• I agree, but for a somewhat different reason – attempting to teach programming to students without the talent for it would have to drive the teachers insane. One more disincentive for people with any sort of IT training to teach it in a secondary context.

        Programming courses in general have a huge (30%?) dropout rate, and that’s for people who have actually elected to learn it.

        • Which is quite interesting to me really. I grow up in a country where the first 3 years of my high school I have to study 7 compulsory subjects which includes mathematics, science (mix of biology, chemistry and physics) and the final 2 years have compulsory of 10 subjects which effectively split “science” into their respective subject of it’s own. I am 100% sure those knowledge is totally worthless to me now as I am now a web developer but it is good to know at least the background is there and I do have a tiny bit of knowledge enough for me to take on that subject if I were to pursue it in tertiary studies.

          I mean basic programming is really simple and not a bad skills to have and it does provide another choice in the future if he/she decided to pursue it. At least better than me knowing nothing in University and cram all the way.

          • I also find it simple, but programming properly requires an approach which doesn’t come naturally to a lot of people. You need to break down the task into steps, then that task into other steps – then when you make it all asynchronously interactive that’s a whole new level of difficulty.

            I learnt programming largely by myself from about 6th grade, back in the early 80s. However, many people really don’t have the aptitude. Forcing them to try to learn programming would simply lead to frustration for all involved.

            What it comes down to is that different people are good at different things. Programming is quite a complicated thing to be good at, and while often useful is not as universally useful as basic maths or language skills. It should be universally available as an elective, but should not be compulsory for all students. Doing so would frustrate the students and teachers alike, and the disinterested students would only disrupt those interested in learning.

          • This is true for really great programmers, but I think you could make the same argument about pretty much anything on the curriculum. English, LOTE, maths, drama, they all require some kind of particular talent, but we don’t let that stop us teaching the basics at school.

          • With most of the other fields (at a high school level, anyway) you can get by with a pretty much rote level of learning. Even with maths, at least when I was at high school, there was a version of the course intended for those with no real facility at it.

            Programming is fundamentally different in that it requires analytical thinking at a level not really required at the entry level of any other course.

            I’m not saying that programming should not be taught. Just that, after an introductory course, it should be elective. I’d suggest something like what is done (used to be done?) with other fields – teach it at an introductory level in junior high, then have an advanced course for years 11-12. That gives everybody a basic grounding in the concepts without wasting time trying to teach people who will never use the skill again after leaving high school.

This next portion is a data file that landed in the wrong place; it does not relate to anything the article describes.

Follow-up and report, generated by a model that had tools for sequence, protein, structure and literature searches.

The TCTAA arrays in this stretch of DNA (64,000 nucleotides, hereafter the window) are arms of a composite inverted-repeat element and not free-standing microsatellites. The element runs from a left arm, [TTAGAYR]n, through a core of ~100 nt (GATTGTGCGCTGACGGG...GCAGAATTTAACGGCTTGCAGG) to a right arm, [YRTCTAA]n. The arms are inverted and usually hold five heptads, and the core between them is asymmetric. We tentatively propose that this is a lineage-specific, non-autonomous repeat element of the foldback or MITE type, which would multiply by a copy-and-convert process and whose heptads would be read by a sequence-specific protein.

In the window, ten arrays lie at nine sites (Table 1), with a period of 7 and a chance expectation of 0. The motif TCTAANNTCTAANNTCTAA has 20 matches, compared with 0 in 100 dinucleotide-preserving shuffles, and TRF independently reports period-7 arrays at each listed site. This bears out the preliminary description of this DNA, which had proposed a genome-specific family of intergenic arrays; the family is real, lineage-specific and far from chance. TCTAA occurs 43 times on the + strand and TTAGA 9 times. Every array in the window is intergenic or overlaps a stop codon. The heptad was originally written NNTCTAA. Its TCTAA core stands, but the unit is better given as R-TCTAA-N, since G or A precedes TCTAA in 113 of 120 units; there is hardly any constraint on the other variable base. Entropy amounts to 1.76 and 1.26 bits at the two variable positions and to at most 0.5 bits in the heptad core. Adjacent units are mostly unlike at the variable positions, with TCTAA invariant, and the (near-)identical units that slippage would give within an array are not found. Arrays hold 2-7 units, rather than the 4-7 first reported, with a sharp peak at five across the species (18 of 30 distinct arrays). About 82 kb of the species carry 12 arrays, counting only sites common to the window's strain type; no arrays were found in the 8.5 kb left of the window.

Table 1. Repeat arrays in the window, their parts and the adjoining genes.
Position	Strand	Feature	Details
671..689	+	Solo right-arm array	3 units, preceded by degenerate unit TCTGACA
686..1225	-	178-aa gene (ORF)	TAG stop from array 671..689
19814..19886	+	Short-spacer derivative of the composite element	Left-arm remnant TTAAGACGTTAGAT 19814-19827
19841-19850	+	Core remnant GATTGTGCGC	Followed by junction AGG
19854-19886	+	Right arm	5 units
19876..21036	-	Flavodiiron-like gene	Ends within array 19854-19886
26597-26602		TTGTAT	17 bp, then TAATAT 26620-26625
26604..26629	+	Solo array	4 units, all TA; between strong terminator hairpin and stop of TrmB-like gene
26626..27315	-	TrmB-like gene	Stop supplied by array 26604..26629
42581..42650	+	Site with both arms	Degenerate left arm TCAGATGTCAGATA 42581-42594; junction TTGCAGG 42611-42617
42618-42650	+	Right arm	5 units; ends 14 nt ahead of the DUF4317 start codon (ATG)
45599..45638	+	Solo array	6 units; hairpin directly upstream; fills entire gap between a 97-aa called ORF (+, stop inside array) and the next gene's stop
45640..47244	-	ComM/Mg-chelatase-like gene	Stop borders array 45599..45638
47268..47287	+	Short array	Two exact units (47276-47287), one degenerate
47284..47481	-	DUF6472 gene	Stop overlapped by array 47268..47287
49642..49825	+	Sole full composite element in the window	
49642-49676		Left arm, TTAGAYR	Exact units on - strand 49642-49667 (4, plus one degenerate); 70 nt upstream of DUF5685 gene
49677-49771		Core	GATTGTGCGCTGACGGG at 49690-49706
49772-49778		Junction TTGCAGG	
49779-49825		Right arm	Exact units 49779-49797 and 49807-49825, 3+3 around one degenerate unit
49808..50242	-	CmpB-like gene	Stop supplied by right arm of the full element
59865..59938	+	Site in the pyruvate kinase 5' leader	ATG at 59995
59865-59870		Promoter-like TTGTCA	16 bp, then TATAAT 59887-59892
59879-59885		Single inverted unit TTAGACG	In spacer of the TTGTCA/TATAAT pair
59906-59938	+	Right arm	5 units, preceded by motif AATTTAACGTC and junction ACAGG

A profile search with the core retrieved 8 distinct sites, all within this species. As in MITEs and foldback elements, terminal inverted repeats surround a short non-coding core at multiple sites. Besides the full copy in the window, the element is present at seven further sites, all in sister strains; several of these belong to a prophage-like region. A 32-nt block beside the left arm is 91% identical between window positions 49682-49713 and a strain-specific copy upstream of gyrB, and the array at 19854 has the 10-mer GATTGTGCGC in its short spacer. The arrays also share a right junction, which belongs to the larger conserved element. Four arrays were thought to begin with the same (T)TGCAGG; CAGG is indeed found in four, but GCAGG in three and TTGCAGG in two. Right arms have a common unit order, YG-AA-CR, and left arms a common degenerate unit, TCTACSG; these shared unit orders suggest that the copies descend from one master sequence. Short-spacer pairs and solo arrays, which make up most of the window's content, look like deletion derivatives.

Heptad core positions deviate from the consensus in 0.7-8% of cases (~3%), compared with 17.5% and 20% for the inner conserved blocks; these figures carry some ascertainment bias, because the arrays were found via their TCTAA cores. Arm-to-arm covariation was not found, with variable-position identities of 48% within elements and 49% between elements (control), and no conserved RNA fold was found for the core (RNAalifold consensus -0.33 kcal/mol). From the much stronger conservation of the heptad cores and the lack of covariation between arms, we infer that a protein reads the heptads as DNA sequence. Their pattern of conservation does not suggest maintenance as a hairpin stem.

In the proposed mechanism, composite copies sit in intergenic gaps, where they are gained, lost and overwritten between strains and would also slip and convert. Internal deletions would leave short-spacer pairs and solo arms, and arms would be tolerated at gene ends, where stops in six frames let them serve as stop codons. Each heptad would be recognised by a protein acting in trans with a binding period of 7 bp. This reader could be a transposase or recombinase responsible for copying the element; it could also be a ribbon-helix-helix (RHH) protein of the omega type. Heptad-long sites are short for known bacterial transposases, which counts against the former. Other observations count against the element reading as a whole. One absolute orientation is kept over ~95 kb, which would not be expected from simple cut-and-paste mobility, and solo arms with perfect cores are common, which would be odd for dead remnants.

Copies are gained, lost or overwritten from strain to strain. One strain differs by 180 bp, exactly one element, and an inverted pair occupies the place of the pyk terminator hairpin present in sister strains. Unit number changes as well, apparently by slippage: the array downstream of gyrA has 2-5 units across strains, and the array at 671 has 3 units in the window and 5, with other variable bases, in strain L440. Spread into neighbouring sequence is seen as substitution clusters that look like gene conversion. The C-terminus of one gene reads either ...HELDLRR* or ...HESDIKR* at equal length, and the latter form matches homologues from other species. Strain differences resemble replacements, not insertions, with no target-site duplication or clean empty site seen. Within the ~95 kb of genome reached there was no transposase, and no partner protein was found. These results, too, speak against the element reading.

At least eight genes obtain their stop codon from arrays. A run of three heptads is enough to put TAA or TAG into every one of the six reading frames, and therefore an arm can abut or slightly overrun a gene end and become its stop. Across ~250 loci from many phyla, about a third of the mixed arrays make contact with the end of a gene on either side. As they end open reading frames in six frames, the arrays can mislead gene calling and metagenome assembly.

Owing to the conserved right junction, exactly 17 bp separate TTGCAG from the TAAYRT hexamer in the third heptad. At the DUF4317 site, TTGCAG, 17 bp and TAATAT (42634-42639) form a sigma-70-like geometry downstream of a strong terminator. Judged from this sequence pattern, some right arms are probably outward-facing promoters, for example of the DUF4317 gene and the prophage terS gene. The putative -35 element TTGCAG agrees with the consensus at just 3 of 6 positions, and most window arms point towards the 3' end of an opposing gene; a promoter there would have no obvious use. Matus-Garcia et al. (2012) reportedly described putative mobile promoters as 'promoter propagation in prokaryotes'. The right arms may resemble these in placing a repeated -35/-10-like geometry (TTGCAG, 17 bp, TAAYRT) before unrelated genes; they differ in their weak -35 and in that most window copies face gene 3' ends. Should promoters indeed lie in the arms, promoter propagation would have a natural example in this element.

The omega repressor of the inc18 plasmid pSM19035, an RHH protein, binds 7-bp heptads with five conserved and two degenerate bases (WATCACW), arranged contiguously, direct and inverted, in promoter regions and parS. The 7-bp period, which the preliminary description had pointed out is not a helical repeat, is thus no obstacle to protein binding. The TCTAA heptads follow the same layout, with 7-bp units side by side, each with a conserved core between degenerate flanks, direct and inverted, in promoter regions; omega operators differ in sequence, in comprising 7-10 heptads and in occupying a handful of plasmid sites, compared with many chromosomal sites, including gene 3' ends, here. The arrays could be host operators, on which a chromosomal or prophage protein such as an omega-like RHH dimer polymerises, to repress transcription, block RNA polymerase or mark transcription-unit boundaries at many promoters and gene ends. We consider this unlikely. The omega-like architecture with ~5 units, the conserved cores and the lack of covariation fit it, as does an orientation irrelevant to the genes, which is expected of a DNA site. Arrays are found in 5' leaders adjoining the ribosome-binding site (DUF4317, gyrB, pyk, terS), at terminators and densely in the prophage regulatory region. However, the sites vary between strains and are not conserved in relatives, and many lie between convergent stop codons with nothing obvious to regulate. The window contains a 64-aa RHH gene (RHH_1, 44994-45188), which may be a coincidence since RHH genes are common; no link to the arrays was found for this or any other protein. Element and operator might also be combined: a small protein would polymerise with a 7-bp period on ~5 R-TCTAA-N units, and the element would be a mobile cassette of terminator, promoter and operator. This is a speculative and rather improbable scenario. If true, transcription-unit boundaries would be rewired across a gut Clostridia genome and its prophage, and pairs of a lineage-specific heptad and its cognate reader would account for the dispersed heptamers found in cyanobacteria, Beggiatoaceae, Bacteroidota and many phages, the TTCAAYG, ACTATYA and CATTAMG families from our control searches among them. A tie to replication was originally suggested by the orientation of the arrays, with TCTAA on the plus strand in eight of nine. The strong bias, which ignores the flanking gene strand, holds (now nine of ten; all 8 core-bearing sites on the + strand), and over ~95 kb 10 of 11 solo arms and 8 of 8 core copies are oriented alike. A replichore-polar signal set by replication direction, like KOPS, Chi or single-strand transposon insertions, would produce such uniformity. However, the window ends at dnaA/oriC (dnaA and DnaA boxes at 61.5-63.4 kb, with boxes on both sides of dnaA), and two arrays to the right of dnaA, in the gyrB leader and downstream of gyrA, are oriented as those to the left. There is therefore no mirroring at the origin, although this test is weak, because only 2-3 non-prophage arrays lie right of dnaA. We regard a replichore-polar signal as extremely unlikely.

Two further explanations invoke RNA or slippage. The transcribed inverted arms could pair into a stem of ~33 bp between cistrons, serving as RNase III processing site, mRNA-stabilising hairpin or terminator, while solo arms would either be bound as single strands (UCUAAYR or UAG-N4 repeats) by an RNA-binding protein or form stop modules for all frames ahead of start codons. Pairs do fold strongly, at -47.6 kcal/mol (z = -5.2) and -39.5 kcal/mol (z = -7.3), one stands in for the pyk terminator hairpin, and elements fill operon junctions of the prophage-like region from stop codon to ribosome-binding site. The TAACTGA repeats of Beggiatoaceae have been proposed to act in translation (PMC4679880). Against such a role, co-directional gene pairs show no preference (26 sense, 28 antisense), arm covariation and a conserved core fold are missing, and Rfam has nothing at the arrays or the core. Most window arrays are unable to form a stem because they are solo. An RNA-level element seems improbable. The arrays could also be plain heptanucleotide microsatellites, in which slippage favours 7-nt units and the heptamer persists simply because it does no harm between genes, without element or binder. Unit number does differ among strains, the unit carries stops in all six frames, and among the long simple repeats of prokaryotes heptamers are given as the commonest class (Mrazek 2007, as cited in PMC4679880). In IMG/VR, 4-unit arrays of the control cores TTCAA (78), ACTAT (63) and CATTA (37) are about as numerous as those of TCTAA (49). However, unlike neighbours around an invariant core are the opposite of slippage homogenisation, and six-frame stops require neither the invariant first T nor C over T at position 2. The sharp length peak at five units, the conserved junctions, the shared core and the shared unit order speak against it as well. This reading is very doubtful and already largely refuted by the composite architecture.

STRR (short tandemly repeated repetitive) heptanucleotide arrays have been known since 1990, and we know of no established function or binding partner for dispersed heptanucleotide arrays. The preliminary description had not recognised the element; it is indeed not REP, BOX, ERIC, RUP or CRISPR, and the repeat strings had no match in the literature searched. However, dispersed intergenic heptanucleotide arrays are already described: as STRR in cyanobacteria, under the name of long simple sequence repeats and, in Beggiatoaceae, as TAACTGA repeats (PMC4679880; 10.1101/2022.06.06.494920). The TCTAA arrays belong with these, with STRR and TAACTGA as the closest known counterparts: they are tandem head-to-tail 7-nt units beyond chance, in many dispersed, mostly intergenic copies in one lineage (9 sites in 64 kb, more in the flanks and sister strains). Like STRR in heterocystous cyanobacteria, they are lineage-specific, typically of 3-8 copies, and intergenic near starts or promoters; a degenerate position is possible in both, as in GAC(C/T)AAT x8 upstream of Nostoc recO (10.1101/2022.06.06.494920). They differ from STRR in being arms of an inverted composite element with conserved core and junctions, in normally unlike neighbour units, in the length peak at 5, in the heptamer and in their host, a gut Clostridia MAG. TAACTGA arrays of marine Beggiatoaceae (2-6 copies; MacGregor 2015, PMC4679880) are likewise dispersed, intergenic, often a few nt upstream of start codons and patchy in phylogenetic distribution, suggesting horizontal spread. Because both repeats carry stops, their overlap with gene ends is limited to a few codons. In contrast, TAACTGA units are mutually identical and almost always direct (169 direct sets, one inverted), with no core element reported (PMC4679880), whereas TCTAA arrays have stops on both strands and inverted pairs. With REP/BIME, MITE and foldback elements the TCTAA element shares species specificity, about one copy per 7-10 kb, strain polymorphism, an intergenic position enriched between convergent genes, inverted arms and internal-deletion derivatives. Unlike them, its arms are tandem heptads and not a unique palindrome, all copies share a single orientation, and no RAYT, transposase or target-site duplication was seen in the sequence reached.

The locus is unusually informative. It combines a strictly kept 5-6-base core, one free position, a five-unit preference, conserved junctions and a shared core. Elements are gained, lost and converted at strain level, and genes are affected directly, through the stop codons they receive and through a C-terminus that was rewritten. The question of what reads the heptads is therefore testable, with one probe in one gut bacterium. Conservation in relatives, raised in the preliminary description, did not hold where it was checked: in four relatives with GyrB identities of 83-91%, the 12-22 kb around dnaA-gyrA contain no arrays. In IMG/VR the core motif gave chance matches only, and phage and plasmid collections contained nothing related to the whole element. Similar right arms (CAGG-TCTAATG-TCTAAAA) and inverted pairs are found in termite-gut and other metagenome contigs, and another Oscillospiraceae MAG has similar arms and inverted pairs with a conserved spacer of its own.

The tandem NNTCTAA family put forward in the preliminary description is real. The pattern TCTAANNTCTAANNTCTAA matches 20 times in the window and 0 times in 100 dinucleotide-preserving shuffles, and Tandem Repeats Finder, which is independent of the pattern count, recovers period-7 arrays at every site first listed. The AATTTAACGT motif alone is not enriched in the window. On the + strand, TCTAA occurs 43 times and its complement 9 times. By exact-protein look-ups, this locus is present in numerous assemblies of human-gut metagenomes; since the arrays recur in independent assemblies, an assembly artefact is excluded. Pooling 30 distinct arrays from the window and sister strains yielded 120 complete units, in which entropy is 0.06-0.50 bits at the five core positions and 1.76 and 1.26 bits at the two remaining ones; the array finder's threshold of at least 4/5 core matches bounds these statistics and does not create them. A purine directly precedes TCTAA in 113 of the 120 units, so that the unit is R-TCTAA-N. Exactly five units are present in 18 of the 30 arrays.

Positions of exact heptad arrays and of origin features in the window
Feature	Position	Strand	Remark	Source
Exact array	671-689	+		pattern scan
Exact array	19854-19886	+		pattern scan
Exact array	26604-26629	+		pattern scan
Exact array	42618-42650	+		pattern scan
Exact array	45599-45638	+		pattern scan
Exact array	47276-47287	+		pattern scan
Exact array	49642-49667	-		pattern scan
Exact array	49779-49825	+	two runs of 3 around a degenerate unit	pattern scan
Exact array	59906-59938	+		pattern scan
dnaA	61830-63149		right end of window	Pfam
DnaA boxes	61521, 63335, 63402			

• At the very least, I would hope that the most basic of coding courses would teach logic.

        Logic actually used to be a subject, you know… but no longer. Which might explain the appalling lack of it in modern discourse.

        • This. Forget compulsory programming subjects, and introduce compulsory logic at primary and secondary levels.
          Logic IS a basic life skill that many people can’t grasp.

        • Yeah this is what’s important. They don’t necessarily need compulsory complex programming units, but they do need compulsory logic or computer systems classes. I stress that kids need to get a rich and critical understanding of the systems at work all around us, including within the technology that is now ubiquitous.

          As much as it annoys me when I see ‘old people’ who don’t know how to use computers, it’s infuriating to see any young people with as little understanding.

        • I like how you think. Can I get a compulsory Common Sense subject crammed in too? People seems to be be lacking a huge part of it in their life.

        • The development of logical, methodical, step-by-step thinking is (as I see it) the primary benefit of teaching coding in school.

          • “Why didn’t it do what I want?”
            “Because you didn’t tell it what you wanted correctly.”
            “Why didn’t it just understand what I wanted without me having to devote energy to articulating it correctly?”

      • One Could argue that being good at sport is not an essential life skill. Yet PE is on the curriculum, Because learning how to use our bodies physically is important. As the world gets more Digital. Coding and Understanding how code works is going to be just as important.

      • I don’t think it should necessarily be compulsory. I think the option should be offered to those who are interested, and the younger they get that option, the better. Specilised teachers that could make it understandable would be a massive hurdle.
        As much flack as Good Game gets, I applaud their efforts with Coding Corner. It needs some work, but it’s not a bad place to start.

      • So is basic algebra, chemistry, history and the like… I wouldn’t count those as “essential life skills”